An outbreak of severe weather occurred across the Midwestern US on 05 November 2017, with a number of tornadoes (including a 39-mile long track EF-2 tornado) in Indiana and Ohio. A GOES-16 Mesoscale Sector provided imagery at 1-minute intervals during this event — “Red” Visible (0.64 µm) and “Clean” Infrared Window (10.3 µm) images (above) with plots of SPC storm reports (T=tornado; W=damaging winds; H=hail) showed the development and motion of the severe thunderstorms. The locations of the plotted SPC storm reports have been parallax-corrected upward from the surface, to match a mean storm-top height of 10 km.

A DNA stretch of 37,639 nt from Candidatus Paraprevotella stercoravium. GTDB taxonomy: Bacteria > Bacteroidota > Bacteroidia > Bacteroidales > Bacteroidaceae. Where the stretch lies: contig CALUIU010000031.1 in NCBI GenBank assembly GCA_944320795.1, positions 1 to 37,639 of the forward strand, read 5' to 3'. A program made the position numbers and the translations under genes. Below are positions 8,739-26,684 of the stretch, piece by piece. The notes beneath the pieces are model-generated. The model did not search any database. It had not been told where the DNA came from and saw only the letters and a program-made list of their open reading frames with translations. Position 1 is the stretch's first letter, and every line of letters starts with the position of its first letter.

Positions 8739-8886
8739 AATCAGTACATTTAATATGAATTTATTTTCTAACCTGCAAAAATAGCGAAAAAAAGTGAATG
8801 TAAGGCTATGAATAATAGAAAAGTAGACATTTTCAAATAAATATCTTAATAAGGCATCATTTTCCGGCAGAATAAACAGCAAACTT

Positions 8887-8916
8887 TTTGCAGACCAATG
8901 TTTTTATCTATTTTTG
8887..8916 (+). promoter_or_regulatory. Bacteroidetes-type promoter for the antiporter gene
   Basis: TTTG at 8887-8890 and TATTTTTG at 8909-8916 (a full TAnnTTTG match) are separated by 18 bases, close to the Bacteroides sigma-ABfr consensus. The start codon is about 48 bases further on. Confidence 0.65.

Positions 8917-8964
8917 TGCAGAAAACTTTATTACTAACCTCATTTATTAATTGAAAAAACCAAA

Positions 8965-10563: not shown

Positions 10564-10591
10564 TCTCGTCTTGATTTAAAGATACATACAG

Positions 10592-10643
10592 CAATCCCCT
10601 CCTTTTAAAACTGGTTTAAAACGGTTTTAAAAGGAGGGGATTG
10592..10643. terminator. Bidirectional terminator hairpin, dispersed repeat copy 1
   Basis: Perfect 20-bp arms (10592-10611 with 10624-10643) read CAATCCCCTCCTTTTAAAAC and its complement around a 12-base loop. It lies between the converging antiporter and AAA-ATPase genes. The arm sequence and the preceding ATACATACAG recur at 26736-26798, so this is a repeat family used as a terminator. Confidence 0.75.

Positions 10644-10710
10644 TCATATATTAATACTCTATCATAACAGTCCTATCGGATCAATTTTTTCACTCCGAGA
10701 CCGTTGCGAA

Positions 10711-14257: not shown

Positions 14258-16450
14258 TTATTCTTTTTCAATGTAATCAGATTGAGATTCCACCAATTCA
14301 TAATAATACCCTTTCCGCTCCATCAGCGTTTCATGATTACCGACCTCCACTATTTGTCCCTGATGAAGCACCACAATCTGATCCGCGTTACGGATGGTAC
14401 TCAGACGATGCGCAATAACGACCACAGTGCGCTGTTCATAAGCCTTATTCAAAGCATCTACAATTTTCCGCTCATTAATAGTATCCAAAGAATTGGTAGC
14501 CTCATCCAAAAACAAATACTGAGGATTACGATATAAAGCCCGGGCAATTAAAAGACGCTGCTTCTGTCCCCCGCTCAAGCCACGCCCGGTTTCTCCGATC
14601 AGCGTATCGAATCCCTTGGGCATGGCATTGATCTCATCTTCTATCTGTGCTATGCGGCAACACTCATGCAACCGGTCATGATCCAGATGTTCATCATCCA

A toggle between Suomi NPP VIIRS Visible (0.64 µm) and Infrared Window (11.45 µm) images (below) showed a snapshot of the storm at 1803 UTC. SPC storm reports within about +/- 30 minutes of the image time are also plotted. The coldest storm-top infrared brightness temperatures were -71ºC (black enhancement), over southern and eastern Indiana. The VIIRS instrument will also fly on the JPSS series of satellites.One interesting aspect seen on 1806 UTC Aqua MODIS Water Vapor (6.7 µm) imagery (below) was the signature of strong subsidence (darker blue enhancement) immediately upwind — along the western edge — of the 2 larger areas of severe convection. Once again, SPC storm reports within about +/- 30 minutes of the image time are plotted. Additional information on this event can be found on the Satellite Liaison Blog, as well as the NWS forecast offices at Indianapolis IN, Northern IN, and Wilmington OH.